In meditation, conscious breathing techniques are used to anchor oneself in reality, as feelings come and go like clouds in a windy sky. The rider’s breath is a constant presence; by concentrating on the cadence of inhalation and exhalation, they may come to perceive a reality drenched in rhythm: There’s the heartbeat and the perpetual pulse of pedal over pedal to the metronomic click of the chain; there are the wavelengths of the rolling, winding road and the bending coastline, lapped by the ebb and flow of the sea; and each day there are regular cycles of hunger, alternating periods of grinding exertion and overwhelming pleasure, oscillating illusions of boundless energy and insurmountable fatigue, all played out under the scorching gaze of the sun.
In a world suffused with such sensory stimulation, you can become completely absorbed in a profound appreciation of the moment. And this is the very essence of Zen. The past exists only in our memories, the future only in our plans. The present is our only reality, and the shadow stuck to the tires, stretching tall at the end of each day, is a persistent reminder of our presence. A bicycle tourer is acutely aware of the primacy of the present journey over the future destination. In turn, the journey becomes the destination.
Do you want to try? The truth is anyone can do it, but three principles are paramount. First, do it alone. Devoid of distractions, the sense of adventure is heightened and deeper relationships develop both with the journey and with those you’ll meet en route. Secondly, use the little roads. Experience a more authentic character and discover the hidden corners that outsiders rarely see. Along the south coast I rolled through rustic hamlets far from the main highways, isolated between mountains and trapped in a bygone age. A backwoods route also ensures quietude, a closer proximity to nature and shelter from busy traffic. Country lanes and farming tracks are well mapped in Korea, and they’ll often be all yours for hours on end.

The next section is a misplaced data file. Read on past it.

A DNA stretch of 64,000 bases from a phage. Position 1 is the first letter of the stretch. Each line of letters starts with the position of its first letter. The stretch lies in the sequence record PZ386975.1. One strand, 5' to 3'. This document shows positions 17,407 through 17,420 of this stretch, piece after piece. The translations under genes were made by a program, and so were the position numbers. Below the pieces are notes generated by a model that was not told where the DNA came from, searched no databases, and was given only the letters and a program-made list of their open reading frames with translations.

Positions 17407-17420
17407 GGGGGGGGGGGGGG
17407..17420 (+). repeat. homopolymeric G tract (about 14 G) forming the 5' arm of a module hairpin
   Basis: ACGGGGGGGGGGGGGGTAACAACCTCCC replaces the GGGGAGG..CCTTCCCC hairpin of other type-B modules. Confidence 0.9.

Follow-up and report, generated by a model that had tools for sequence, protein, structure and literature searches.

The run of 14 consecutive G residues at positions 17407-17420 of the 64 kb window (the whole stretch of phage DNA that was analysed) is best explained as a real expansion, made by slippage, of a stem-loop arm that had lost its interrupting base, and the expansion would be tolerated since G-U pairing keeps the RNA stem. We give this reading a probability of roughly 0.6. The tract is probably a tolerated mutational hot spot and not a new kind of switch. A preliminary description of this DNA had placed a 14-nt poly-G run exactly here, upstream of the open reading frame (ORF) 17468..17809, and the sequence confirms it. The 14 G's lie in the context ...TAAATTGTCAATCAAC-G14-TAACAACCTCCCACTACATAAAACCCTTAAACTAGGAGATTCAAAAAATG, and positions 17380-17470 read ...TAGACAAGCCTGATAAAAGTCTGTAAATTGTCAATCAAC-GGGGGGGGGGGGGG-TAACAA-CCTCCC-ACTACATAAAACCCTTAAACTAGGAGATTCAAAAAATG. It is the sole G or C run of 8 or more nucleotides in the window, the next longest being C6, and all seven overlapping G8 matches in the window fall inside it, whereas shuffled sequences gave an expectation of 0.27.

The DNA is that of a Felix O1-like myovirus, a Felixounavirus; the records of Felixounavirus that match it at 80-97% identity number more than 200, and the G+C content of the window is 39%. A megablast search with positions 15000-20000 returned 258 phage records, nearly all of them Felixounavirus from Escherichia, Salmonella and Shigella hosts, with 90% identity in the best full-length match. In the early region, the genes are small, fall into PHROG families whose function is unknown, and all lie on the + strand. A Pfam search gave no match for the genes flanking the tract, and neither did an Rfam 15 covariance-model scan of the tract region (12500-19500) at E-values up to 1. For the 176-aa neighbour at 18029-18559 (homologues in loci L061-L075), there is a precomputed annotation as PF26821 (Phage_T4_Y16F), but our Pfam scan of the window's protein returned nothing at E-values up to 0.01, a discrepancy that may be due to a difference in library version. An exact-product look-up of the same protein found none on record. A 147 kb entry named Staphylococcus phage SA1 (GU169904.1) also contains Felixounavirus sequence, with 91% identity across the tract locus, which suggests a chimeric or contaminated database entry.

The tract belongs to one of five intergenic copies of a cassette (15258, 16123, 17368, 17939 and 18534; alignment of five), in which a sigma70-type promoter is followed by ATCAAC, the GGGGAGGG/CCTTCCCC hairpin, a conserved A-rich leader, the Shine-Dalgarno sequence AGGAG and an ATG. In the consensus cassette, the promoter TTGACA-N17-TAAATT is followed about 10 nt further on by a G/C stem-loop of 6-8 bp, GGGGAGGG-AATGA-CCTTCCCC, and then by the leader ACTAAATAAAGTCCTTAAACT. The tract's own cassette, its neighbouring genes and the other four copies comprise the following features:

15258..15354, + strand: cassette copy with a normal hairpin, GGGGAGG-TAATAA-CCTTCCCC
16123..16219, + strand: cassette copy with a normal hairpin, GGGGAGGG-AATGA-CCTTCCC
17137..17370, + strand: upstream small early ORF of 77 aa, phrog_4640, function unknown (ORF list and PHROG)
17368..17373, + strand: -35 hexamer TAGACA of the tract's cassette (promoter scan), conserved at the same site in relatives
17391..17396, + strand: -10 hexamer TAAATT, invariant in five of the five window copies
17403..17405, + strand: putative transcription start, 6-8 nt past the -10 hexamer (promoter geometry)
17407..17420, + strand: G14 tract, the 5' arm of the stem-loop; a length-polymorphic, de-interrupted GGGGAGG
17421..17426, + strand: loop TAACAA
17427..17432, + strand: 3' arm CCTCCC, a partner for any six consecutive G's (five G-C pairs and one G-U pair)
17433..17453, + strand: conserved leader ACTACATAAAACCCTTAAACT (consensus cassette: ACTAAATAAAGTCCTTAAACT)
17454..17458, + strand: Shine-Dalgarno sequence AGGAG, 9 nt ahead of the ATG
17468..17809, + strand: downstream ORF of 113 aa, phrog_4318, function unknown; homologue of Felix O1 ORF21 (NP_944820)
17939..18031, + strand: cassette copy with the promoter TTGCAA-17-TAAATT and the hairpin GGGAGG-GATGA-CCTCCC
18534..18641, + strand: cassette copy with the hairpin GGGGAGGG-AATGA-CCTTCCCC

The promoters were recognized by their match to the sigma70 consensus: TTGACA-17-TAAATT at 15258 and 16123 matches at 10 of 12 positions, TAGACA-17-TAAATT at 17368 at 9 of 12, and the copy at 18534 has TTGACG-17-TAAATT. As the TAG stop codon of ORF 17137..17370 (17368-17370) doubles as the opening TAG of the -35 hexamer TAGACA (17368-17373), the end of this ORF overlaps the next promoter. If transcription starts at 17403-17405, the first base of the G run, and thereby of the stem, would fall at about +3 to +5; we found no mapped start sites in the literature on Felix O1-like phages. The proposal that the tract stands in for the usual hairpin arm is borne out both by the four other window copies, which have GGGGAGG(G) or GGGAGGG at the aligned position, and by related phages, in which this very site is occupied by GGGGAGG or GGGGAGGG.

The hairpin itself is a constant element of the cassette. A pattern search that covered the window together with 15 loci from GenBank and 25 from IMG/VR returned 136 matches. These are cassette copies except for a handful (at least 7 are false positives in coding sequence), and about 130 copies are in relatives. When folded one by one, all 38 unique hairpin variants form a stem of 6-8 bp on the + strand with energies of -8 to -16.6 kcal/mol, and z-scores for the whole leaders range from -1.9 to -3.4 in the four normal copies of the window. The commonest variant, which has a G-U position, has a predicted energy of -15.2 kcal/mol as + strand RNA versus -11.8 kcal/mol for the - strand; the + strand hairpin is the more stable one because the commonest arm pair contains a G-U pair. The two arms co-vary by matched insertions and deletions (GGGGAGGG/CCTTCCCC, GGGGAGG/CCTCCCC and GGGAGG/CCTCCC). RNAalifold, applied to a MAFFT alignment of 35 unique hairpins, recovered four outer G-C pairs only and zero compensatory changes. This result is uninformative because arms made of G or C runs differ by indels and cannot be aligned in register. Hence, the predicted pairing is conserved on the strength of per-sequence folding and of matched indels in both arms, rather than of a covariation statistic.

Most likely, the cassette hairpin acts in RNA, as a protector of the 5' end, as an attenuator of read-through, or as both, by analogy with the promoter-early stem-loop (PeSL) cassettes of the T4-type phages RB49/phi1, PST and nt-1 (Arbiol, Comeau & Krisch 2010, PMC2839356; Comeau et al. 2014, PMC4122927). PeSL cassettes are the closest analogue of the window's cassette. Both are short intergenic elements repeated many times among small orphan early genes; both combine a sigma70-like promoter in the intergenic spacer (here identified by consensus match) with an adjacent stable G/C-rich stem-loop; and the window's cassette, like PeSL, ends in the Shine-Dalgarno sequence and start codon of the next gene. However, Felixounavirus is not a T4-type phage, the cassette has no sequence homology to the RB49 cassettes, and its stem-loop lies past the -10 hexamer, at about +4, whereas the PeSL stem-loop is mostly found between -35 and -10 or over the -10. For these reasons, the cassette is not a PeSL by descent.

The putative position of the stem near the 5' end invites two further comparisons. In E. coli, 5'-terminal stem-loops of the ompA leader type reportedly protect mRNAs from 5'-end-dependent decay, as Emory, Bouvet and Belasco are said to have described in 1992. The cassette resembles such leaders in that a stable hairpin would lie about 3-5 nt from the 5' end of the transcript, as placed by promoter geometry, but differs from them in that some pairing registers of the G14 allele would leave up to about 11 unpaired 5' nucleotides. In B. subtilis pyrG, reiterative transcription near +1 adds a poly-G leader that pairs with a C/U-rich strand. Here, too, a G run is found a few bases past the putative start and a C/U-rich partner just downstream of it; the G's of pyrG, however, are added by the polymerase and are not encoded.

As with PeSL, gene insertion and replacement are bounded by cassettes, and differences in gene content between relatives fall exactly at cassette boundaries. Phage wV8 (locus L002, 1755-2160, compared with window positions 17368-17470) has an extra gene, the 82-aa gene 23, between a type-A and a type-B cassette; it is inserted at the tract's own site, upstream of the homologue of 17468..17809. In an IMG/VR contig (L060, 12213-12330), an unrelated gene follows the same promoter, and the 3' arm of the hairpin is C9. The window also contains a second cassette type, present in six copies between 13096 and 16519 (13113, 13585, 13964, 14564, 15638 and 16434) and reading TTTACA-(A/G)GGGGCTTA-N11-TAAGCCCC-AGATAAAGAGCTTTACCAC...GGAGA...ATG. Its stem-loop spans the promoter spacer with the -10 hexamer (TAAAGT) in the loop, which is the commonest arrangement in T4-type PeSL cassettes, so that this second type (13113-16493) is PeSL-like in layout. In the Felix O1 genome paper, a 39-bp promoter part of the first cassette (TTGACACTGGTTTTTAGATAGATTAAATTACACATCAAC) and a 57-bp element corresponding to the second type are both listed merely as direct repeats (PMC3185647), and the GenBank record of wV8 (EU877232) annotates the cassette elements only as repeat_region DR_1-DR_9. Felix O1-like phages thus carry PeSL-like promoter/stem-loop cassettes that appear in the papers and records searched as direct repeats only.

But most importantly, make your plans deliberately indefinite — travel, don’t just arrive. Lacking a predetermined route, you’ll remain receptive to the whims of fate, fortune and fancy as you forge your own unique path. There’s a tangible excitement and great freedom in not knowing where you’ll bed down at the end of each day. And given the Korean predilection for camping, there are always ample opportunities to sleep wild under open skies and remain safely undisturbed. Pagodas also conveniently dot the landscape at the most scenic spots: in suburban parks and rural villages; by idyllic beaches and dramatic coastline; on the banks of bending rivers and overlooking swaying rice fields; perched preciously on mountainsides, with magnificent panoramic vistas. Try them all.
As a Zen cyclist, detached from all extraneous concerns, you can be in blissful harmony with the present. You’re at once cruising on autopilot and intensely aware — simultaneously peaceful and euphoric. Most evenings this last summer, as the sinking sun winked from behind a craggy peak, I found myself floating effortlessly through a dream world, possessing everything I needed to ride on endlessly to the edge of the Earth: The mild evening air cooled the sweat on my brow and an endorphin-laced ecstasy bubbled up from deep inside, flowing to every corner of my being in a skin-tingling wave and escaping in a broad smile,stretching wide from cheek to cheek. For such joyous moments, I’ll keep on rolling.